The RAF Association is sad to learn of the death of Bomber Command veteran Cecil Chandler (96), who was honoured by the French Government for his involvement in the D-Day landings.
Cecil, a member of the RAF Association’s Alton branch in Hampshire for over 20 years, joined the RAF at the age of 18. He was a flight engineer on Stirlings and Lancasters with 15 Squadron, and later with 622 Squadron.
He completed 28 operations, including a raid on Dusseldorf in Germany in April 1944, which resulted in the death of two crew and a crash landing back in England.
Speaking in an interview with the Association’s Air Mail magazine in 2019, Cecil said: “I was scared every time except for one. That was when we were on the raid over Dusseldorf and were hit. Two of the men were killed, and we were being attacked by a fighter. I was too busy to be afraid.”
Just a few weeks after the Dusseldorf operation, Cecil was part of the airborne support for the June 6 1944 Normandy D-Day landings, for which he was later awarded the Legion d’honneur in recognition of his ‘acknowledged military engagement and steadfast involvement in the Liberation of France’.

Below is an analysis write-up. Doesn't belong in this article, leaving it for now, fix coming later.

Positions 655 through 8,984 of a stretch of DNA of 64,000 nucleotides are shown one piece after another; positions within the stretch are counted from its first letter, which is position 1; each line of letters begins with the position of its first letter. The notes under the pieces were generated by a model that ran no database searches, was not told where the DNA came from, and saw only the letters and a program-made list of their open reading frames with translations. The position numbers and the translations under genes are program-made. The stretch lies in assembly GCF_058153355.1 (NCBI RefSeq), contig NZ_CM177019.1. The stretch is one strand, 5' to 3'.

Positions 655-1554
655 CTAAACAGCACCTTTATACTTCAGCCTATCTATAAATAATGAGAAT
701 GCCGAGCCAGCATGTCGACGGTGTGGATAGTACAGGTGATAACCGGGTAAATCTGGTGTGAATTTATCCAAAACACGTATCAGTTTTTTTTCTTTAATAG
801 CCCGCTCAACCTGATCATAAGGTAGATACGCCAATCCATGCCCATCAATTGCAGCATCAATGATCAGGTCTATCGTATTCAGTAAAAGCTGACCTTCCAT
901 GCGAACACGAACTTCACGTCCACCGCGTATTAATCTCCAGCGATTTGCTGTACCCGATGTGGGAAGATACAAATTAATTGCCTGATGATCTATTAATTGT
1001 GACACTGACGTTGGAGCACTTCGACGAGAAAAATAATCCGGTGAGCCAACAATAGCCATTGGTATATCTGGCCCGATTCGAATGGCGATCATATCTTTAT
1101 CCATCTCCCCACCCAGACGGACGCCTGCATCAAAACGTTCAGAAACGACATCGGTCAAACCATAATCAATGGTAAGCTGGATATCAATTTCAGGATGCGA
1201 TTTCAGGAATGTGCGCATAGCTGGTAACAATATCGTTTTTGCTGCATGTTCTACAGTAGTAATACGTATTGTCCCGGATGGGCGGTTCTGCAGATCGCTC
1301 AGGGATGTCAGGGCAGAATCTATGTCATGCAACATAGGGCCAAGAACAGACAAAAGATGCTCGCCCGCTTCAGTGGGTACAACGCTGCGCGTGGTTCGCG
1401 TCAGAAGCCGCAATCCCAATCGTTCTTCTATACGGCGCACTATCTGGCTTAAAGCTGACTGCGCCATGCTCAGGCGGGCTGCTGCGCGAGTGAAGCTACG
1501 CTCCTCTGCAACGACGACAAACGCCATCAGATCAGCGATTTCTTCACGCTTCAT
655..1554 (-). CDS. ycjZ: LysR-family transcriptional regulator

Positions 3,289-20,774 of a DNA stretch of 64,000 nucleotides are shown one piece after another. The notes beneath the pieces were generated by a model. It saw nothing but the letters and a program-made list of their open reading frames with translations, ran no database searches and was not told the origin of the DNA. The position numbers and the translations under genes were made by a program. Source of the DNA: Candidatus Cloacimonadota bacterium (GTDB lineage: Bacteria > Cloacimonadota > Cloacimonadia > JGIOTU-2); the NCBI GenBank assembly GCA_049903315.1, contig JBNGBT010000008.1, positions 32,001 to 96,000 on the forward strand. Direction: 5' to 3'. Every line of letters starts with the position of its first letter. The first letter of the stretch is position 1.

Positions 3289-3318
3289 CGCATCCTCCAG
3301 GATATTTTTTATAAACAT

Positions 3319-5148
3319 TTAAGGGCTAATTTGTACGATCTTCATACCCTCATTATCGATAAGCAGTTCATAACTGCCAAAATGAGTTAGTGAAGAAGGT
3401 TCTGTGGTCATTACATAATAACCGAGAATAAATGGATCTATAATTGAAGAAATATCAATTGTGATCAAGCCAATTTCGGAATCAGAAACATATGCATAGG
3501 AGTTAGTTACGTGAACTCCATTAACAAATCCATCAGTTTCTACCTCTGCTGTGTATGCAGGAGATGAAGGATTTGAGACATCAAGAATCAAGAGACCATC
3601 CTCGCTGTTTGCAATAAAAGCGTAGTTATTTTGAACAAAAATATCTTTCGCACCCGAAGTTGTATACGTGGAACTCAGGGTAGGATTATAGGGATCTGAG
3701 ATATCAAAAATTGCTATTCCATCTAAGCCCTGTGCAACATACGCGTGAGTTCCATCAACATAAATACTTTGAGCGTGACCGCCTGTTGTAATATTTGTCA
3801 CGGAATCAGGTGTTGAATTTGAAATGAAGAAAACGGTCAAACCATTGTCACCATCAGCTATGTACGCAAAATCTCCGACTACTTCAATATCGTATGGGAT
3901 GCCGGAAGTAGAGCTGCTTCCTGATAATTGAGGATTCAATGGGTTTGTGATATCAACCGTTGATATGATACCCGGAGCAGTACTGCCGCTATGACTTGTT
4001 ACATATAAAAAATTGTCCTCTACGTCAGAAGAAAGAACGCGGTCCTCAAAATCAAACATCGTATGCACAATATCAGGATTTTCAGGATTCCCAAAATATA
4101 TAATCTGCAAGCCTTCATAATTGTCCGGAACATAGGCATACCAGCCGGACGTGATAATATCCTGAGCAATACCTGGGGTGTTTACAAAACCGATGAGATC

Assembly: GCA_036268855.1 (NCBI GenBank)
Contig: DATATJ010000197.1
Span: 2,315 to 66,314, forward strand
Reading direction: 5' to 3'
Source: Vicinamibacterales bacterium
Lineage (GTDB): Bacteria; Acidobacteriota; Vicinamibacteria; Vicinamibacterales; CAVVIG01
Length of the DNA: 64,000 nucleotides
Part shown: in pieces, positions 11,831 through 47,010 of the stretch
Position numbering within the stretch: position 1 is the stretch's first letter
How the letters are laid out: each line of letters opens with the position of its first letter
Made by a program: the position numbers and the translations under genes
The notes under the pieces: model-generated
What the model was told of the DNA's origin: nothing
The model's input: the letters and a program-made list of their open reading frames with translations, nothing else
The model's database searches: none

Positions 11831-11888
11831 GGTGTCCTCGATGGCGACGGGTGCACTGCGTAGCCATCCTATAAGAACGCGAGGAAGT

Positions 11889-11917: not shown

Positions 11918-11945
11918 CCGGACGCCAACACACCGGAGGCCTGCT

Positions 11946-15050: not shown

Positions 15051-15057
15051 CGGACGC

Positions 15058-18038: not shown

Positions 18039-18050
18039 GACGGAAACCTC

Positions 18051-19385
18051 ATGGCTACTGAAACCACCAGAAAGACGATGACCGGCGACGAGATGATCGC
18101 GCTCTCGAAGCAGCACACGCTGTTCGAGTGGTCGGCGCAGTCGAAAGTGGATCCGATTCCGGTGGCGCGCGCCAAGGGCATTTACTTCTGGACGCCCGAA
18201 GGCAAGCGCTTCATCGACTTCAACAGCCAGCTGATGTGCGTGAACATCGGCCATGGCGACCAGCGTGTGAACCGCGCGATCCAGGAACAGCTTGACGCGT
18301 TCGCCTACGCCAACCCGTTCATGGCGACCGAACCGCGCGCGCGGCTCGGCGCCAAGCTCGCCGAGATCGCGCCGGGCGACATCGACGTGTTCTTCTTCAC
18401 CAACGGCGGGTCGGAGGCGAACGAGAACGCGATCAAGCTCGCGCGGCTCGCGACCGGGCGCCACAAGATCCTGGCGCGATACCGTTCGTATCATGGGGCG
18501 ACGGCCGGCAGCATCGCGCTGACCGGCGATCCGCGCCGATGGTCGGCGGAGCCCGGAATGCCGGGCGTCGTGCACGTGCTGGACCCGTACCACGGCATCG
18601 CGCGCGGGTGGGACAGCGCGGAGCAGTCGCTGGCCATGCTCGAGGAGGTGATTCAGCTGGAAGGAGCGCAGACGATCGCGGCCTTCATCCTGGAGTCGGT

After the war, Cecil, known as ‘Pop’ to his friends and family, returned home to Hampshire. Quickly realising that civilian life wasn’t for him, he went back to the RAF and, until his retirement, enjoyed postings in the UK, Germany and France.
Cecil, who died on 31 March, was laid to rest after a small service in the cemetery in his home village of Alton. His family hopes to hold a celebration of his life next year, subject to the Government’s COVID-19 restrictions on gatherings being eased.
Jim Jeffery, Alton branch member and Cecil’s friend, said:
“Cecil was held in the highest esteem among all the members of the branch. To us, he was the epitome of a fading generation, the likes of which will not be seen again”.
Cecil is pictured meeting the then Chief of the Air Staff, Air Chief Marshal Sir Stephen Hillier, during the 2019 D-Day 75 commemorations. Picture: copyright MOD/Crown.